The Taj Mahal: worth a trip after all
Ross works hard to lend fascination to the all-too-familiar view of one of India’s most iconic monuments.
While the coverage of well-known tourist attractions was not Ross’s specialty, he often wouldn’t miss the chance for a shot, a photograph, or a brief description. In this excerpt, he imagines that the lavish praise of the Taj Mahal is clichéd and overblown, but has a change of heart when he actually visits the mausoleum.
This reversal enhances Ross’s authority as a reporter first and foremost: on the spot, making his own observations. And, as often in those instances, he claims that in the face of experience, language is weak: “What was left to explain here!” [p. 43] (See “A night of flaming red”). This is followed, of course, by explanation. To Ross, the Taj Mahal’s architecture expresses the experience of lovemaking at its most ecstatic and spiritual.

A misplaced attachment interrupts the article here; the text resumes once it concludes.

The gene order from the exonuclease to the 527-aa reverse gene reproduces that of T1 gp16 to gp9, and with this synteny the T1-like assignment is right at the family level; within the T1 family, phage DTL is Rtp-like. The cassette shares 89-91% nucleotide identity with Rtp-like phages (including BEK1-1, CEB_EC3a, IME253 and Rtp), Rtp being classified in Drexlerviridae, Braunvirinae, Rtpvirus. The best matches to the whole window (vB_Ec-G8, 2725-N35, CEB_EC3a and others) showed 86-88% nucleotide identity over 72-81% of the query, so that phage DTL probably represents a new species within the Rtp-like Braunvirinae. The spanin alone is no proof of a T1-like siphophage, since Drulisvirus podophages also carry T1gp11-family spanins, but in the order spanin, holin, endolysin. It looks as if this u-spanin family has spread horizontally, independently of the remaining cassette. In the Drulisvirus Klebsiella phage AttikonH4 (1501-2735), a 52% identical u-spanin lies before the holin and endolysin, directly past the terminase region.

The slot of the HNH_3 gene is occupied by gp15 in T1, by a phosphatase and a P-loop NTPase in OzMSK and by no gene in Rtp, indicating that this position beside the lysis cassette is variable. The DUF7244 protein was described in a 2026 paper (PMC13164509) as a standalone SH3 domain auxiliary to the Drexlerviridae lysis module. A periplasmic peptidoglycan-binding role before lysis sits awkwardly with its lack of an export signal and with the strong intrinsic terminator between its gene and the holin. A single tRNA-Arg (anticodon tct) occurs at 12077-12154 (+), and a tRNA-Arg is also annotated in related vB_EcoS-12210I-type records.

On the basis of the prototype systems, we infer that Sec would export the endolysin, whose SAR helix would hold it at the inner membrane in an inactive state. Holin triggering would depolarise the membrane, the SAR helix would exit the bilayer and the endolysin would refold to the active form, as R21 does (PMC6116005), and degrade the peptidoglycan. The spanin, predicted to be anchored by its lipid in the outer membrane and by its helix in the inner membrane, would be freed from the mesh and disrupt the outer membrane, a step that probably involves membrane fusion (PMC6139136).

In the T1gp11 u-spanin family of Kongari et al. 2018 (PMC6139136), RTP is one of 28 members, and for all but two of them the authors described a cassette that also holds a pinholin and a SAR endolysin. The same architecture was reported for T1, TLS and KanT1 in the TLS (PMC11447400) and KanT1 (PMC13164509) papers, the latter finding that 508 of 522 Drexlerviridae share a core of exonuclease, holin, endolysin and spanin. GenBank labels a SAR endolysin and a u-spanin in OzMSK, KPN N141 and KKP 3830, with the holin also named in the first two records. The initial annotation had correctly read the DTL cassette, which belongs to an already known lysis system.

The assumption underlying this drama of surpassed expectations is that Ross’s readers may well have been as over-familiar with the Taj Mahal as he is, given the plethora of postcards, lantern slides and other films that presented faraway places since at least the turn of the century. This indicates the degree to which the tourist sites of the world had already come to mass audiences long before mass audiences could ever hope to visit them as travelers.
Ross ends the chapter on another association of the exotic with the familiar. Recounting the life of Shah Jahan, who had the Taj Mahal built, affords him the chance to take a dig at current events in Britain. He compares Shah Jahan’s partial retreat from politics after the death of his wife to Edward VIII’s abdication in 1936, asking, “Will this king, who put his love before his duty, also be followed by ‘harem weaklings’?” [p. 45].
Colin Ross. [Excerpt from] Der mamorne Traum von Liebe und Tod zu Agra. In: Heute in Indien. Durch das Kaiserreich Indien, Ceylon, Hinterindien und Insulinde. 3., auf Grund einer neuen Indienreise überarbeitete und ergänzte Auflage. Leipzig: F.A. Brockhaus; 1937; 43–5, 32 recto.
Case: Oceania-Asia trip 1928-30